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  • Destinations | ATA/BAR Divers

    Reviews: Dive Destinations We love to dive and our goal is to share information about dive destinations and operators. The opinions expressed on this website are solely those of us at and do not reflect the opinion of dive operators we may be affiliated with. ATA/BAR DIVERS G&G's Cleawater Paradise Resort Guanaja, Bay Islands, Honduras Bottom Line G & G’s Clearwater Paradise Resort is a full-service dive operation that offers exceptional dining, comfortable accommodations, and unique underwater topographies for experienced divers on the island of Guanaja, Honduras. ​ The Longer Story Good friends own a boat and take you diving with them. Great friends live on an island, cook gourmet meals, own a boat and a secluded home with eight guest rooms, and take you diving with them. You need to meet these great friends you didn’t know you had on the island of Guanaja. [...more...] CoCo View Resort Roatan, Bay Islands, Honduras Bottom Line CoCo View Resort is a well-oiled, all-inclusive dive center where nothing is left to chance. The grounds: beautifully manicured. Rooms: spacious and comfortable. Buffets: ample, tasty food at every meal. Shore dives, dive spots, boats, and staff are all exceptional. This place has a loyal following, and for good reason. ​ The Longer Story During the Fall of 2016, a group of eight California divers made their first trip to the revered CoCo View Resort on Roatan, Bay Islands, Honduras. A shuttle van transported us about 20 minutes from the Roatan Airport to a small... [...more...] Beyond Diving Playa del Carmen, Quintana Roo, Mexico Bottom Line Every accomplished diver should put on their underwater destination bucket list, and offers exceptional service and support to make your diving-centric stay on Mexico's Yucatán Peninsula an enjoyable one. cenotes diving Beyond Diving Dive Center ​ The Longer Story In April 2015, a foursome of couldn’t resist a last-minute trip Playa del Carmen, Mexico. We stayed at the and transport from the Cancun Airport was handled by . That was the easy part... ATA/BAR DIVERS St. Martin Boutique Hotel Cancun Transfers USA [...more...] Horizon Divers Key Largo, Florida Bottom Line Located on US-1 (Overseas Highway) in Key Largo, Horizon Divers is a PADI 5-star IDC offering top-notch training from Open Water Diver to technical diving specialties like PADI Tec 40-50, trimix, rebreather, and advanced wreck. Horizon Divers is a rare find for tec divers in the Keys as its regular boat trips to wrecks offer single location, 2-hour+ gates that allow for plenty of bottom and deco time. ​ Whether you are a recreational diver searching for the next great challenge or a diving professional looking to deepen your skills and course offerings, Horizon Divers has curricula to meet your specific needs. Certified training agency affiliations include SDI, TDI, IANTD, and PADI. ​ Horizon has three boats and offers multi-trip discounts, trimix gas refills, and supports the needs of CCR divers.

  • ATA/BAR Divers | PADI Advanced Open Water Diver Course

    PADI Advanced Open Water Diver Course — — As a courtesy to local diving enthusiasts and potential scuba students, we offer this list of scuba class courses and schedules. These links reflect the latest information available from the noted PADI training facility on each class page. does not make or accept training class reservations. Please call or visit the respective PADI training facility to sign-up for classes. Prices subject to change ATA/BAR Divers and classes subject to cancellation without notice.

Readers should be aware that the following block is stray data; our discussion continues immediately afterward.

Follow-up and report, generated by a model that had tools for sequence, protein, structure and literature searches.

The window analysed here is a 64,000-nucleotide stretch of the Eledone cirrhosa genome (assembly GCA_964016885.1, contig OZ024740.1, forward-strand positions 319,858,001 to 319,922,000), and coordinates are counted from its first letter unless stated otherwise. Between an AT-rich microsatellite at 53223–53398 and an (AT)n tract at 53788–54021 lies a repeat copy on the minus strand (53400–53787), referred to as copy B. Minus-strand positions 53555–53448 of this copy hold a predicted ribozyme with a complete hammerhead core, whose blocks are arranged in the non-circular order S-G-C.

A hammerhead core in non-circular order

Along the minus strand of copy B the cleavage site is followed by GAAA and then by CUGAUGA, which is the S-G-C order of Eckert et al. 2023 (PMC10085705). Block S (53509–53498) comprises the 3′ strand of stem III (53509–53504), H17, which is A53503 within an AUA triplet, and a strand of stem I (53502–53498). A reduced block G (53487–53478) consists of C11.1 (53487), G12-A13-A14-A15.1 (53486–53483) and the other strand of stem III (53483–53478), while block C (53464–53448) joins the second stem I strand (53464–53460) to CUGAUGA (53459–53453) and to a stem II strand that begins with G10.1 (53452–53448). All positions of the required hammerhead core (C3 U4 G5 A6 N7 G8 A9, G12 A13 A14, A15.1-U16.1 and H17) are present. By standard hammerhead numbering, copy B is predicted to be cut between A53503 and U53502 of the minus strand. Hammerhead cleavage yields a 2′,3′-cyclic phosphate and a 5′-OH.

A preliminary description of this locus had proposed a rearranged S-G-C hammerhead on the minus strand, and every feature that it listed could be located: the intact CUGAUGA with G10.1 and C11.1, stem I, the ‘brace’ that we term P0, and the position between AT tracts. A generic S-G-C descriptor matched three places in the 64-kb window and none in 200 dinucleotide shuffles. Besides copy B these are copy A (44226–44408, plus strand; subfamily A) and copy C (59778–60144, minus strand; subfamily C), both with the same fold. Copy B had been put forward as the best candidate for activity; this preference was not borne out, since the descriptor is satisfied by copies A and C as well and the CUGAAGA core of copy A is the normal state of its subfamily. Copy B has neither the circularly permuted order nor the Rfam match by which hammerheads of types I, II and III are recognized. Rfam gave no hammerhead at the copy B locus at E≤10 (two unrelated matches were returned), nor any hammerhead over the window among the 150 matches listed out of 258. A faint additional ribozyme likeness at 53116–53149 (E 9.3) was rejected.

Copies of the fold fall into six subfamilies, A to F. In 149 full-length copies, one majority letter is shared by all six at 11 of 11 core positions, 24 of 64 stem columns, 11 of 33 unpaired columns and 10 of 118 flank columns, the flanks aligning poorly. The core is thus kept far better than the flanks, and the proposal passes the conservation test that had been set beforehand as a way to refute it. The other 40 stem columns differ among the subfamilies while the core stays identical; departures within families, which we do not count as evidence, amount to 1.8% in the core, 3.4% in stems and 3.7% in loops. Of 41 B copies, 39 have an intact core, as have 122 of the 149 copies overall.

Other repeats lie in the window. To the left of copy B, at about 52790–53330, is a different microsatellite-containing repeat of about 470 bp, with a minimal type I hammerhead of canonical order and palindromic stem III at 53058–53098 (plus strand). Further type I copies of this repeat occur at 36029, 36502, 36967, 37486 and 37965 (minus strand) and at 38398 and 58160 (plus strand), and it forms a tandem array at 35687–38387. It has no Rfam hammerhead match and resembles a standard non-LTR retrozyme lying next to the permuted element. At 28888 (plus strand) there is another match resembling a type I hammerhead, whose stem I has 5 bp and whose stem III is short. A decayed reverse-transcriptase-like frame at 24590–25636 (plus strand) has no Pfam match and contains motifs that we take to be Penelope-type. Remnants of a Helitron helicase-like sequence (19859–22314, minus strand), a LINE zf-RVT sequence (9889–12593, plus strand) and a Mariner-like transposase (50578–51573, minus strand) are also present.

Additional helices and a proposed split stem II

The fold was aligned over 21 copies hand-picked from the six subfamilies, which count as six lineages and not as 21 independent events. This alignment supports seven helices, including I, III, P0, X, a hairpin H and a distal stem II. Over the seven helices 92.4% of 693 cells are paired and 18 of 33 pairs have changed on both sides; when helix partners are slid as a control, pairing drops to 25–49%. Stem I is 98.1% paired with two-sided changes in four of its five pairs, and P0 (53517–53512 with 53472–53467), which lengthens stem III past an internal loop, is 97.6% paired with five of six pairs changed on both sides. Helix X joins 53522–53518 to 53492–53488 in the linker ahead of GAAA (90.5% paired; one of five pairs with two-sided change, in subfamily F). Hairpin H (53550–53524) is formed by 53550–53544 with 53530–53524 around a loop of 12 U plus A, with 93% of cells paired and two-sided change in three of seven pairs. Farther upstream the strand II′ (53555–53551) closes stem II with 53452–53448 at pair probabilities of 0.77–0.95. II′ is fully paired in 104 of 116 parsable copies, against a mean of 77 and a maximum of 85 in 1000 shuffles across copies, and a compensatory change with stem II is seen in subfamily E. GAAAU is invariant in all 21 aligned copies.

• ATA/BAR Diver | PADI Enriched Air Diver Specialty Course

    PADI Enriched Air Diver Specialty Course — — As a courtesy to local diving enthusiasts and potential scuba students, we offer this list of scuba class courses and schedules. These links reflect the latest information available from the noted PADI training facility on each class page. does not make or accept training class reservations. Please call or visit the respective PADI training facility to sign-up for classes. Prices subject to change ATA/BAR Divers and classes subject to cancellation without notice.

  • ATA/BAR Divers | PADI Dry Suit Specialty Diver Courses

    PADI Dry Suit Specialty Diver Course — — As a courtesy to local diving enthusiasts and potential scuba students, we offer this list of scuba class courses and schedules. These links reflect the latest information available from the noted PADI training facility on each class page. does not make or accept training class reservations. Please call or visit the respective PADI training facility to sign-up for classes. Prices subject to change ATA/BAR Divers and classes subject to cancellation without notice.

  • Why Keep a Dive Log? | ATA/BAR Divers

    Why Keep a Dive Log? While maintaining a dive log is not mandatory, it is highly recommended. What you log and why you log it is a personal decision, much like what you put in a diary. The benefits of maintaining an accurate logbook can help you in many ways. Find out how a log can benefit you. Bottom Line : “What do I write down?” is usually the question Open Water students ask when confronted with a blank dive log page for the first time. Think of your dive log as a personal diary—no one is required to one but many people do. The same holds true with dive logs—you are not required to keep one, but it is strongly suggested. Why? The biggest reason to keep a log is to record important aspects of your dive, including: Location Date |In the water/out of water Time |Dive type (shore/boat/night), bottom time, depth, surface interval, pressure groups, safety stop details Dive Profile |Weather, visibility, water, temperatures Conditions |Configuration, proper weighting Equipment |Observations, challenges, buddies, accomplishments Experiences |Type, tank size/type, start/stop pressures, consumption rate, supplemental systems Gas |Total dive time to date, dive number to date Cumulative Information ​ Most logs have space for a verification signature from a dive buddy, instructor or Divemaster. Some even have space for a boat or dive shop stamp or sticker. Many divers have turned their logbooks into an impressive collection of ornate dive shop stamps and stickers from around the world for fellow divers to envy. Incorporating these into your logbook gives an added level of credibility to your underwater feats. ​ If you travel to dive, think about packing your dive log. Some dive operators will ask to see your dive log to confirm you have the experience you claim and it’s also an easy way to log dives as you go. ​ When it comes to continuing education, certain levels of PADI advanced certification (like and ) require a specific number of dives and dive types. Divemaster Open Water Scuba Instructor ​ Preprinted dive logs, like the ones provided with your PADI Open Water class materials (Figure 1), are designed to hold specific information but, in reality, the log can be nothing more than a blank page with whatever information you find relevant to record. ​ There are many options available to put your dive logs online, from free solutions like PADI’s (Figure 2) to many subscription-based, non-proprietary digital logbooks like (Figure 3). ScubaEarth ​ Many dive computers integrate into dive logging software that is often available for free. One example is the software (Figure 4) that integrates with the Suunto , among other Suunto computer products. Suunto DM5 Eon Steel ​ Whether you decide to log in hard copy or digitally, the biggest benefit to maintaining a dive logbook is recalling past experiences. Reliving your special moments in the water will surely bring back pleasant memories for years to come. Let’s go diving! Figure 1. preprinted dive log. PADI Figure 2. PADI logbook readout. ScubaEarth’s Figure 3. Example digital logbook readout. Figure 4. digital dive log. Suunto DM5